Moving into… cat – a basic and brilliant asana for moving the spine safely, working to create space between vertebrae and increase movement along the course of the whole spine.  Attention also to the stretch at the wrists, which can be modified if weak or stiff, also individually lifting fingers. Cat twist to open shoulders and extend spinal twist.  Push up to down dog, maintaining integrity of shoulders (back and down the back, keeping space between shoulders and ears), and working hamstrings, with for example flexing and stretching each leg individually, working from down dog into plank to strengthen core.  Do as a dynamic sequence with the breath – inhaling into plank, exhaling into down dog.

Walking with bent knees up to standing.  Establish standing pose of tadasana ensuring the arches of the feet are active, engagement of abdominals, position pelvis for stability and ease. Dynamic twisting movement, arms at shoulder level, arm exercises.  Shoulder movements – using the wall for extensions and turns, and postures such as eagle arms and gomukhasana arms to work deep into the muscle tissue and increase range of movement.

Balance poses such as heron/tree or standing leg lifts. Warrior poses: 1 and 11 (Virabhradrasana) to develop balance and work with hips and psoas, chest opening, work with feet placement to ensure entire leg is active, increase mobility of ankles.  Prasarita padottanasana, a wide-legged standing forward fold, alternate touching hands to opposite ankles for building flexibility at the core, stretching hamstrings. Horse pose for leg/core strengthening, move to down dog and lunges left and right to stretch groin area, moving to lie face down, preparation for backbends – elongating legs, top of feet flat against floor, focus on the core and back muscles, hands under shoulders and elbows into sides of body for cobra.  Alternatives: locust, raised leg behind for working knees.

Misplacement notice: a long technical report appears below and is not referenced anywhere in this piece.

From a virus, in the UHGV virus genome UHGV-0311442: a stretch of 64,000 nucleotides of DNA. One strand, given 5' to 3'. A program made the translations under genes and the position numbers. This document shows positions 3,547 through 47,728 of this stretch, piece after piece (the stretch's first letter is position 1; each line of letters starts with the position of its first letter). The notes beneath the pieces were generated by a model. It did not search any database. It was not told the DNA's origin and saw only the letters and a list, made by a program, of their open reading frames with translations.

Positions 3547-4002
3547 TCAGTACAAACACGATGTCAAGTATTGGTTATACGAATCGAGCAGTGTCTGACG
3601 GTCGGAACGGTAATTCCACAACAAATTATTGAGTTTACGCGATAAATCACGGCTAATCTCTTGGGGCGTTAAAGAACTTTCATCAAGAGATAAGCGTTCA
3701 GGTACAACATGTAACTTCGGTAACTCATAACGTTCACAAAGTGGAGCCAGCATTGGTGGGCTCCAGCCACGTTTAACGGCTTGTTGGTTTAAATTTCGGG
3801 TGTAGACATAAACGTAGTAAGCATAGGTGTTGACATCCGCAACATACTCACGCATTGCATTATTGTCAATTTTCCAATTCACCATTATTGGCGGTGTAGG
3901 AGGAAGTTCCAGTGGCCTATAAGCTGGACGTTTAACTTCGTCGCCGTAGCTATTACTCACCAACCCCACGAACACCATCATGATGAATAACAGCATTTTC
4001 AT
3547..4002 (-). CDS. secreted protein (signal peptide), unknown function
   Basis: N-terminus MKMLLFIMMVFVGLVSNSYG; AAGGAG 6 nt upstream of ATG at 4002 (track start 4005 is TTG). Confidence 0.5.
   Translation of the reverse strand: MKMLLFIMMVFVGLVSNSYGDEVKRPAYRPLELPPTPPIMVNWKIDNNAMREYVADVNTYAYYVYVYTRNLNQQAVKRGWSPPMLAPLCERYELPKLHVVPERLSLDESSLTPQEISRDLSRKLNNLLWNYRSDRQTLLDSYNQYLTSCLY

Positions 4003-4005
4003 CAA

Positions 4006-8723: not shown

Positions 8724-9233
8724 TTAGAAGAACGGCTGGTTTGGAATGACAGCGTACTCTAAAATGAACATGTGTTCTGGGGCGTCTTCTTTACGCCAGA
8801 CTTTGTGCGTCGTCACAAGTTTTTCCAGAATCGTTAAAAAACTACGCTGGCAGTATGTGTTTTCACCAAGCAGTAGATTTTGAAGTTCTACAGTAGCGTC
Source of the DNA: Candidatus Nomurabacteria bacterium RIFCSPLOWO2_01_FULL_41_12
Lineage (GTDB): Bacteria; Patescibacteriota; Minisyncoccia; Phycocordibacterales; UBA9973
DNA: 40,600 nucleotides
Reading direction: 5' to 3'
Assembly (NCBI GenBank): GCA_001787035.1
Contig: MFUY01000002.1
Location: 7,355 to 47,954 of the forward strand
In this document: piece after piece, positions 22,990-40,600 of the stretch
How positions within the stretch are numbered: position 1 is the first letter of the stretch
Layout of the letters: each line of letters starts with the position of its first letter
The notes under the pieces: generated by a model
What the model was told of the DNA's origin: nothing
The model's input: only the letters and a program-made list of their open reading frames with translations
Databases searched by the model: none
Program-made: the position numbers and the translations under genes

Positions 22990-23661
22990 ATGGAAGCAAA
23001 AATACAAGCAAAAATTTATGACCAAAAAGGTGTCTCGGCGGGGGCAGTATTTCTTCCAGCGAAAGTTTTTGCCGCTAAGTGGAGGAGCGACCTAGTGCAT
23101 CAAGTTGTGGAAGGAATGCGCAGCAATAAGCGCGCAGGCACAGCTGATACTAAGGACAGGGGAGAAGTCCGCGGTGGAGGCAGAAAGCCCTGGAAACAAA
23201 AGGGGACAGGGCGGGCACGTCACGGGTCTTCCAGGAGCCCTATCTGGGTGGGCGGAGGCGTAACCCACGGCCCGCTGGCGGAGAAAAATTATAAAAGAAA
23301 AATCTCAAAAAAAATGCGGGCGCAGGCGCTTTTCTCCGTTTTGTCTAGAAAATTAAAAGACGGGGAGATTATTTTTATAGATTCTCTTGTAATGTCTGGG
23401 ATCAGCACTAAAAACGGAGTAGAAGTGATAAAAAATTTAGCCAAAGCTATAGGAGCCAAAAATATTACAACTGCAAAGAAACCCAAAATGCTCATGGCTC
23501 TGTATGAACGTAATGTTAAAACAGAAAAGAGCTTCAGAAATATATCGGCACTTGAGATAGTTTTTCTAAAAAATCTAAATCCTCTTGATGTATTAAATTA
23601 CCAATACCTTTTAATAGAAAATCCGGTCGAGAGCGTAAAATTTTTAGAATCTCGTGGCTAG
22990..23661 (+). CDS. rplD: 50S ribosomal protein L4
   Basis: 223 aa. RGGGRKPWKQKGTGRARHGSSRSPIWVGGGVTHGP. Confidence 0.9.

Further backbends for developing core strength, working the back muscles e.g. bridge pose for isolating pelvis and working shoulders. Release into apanasa, and supta baddha konasana to open hips and shoulders using gravity.  Leg raises and boat pose (navasana) to work entire leg musculature and core.  Forward bends such as pigeon pose, starts as a slight back bend then folding over to work deeply into hip, thigh and leg and increase ‘internality’.  Seated for full gomukhasana for opening hips and shoulders.  Lying twist, exploring shoulder-hip connection, working twist into back using gravity.

Savasana.  Working with breath – nadi sodhana, alternate nostril breathing, working on diaphragmatic breathing, bhastrika.

Brief seated meditation. Use of chants to empower vocalisation and ability to sound with the exhale. 

Awareness of where the danger areas/overworked areas tend to be. Using breath to soften, release tension and ‘heal’ sore areas.  Mental focus: concentration, ability to put last shot behind you and focus on the one you’re playing.  Awareness of negative thoughts intruding and how to deal with them.  Think about when a shot  feels good as you’re making it, and how to increase feeling of ‘flow’, checking internally levels of energy, use of breathing exercises to animate body and help bring the mind into the ‘now.’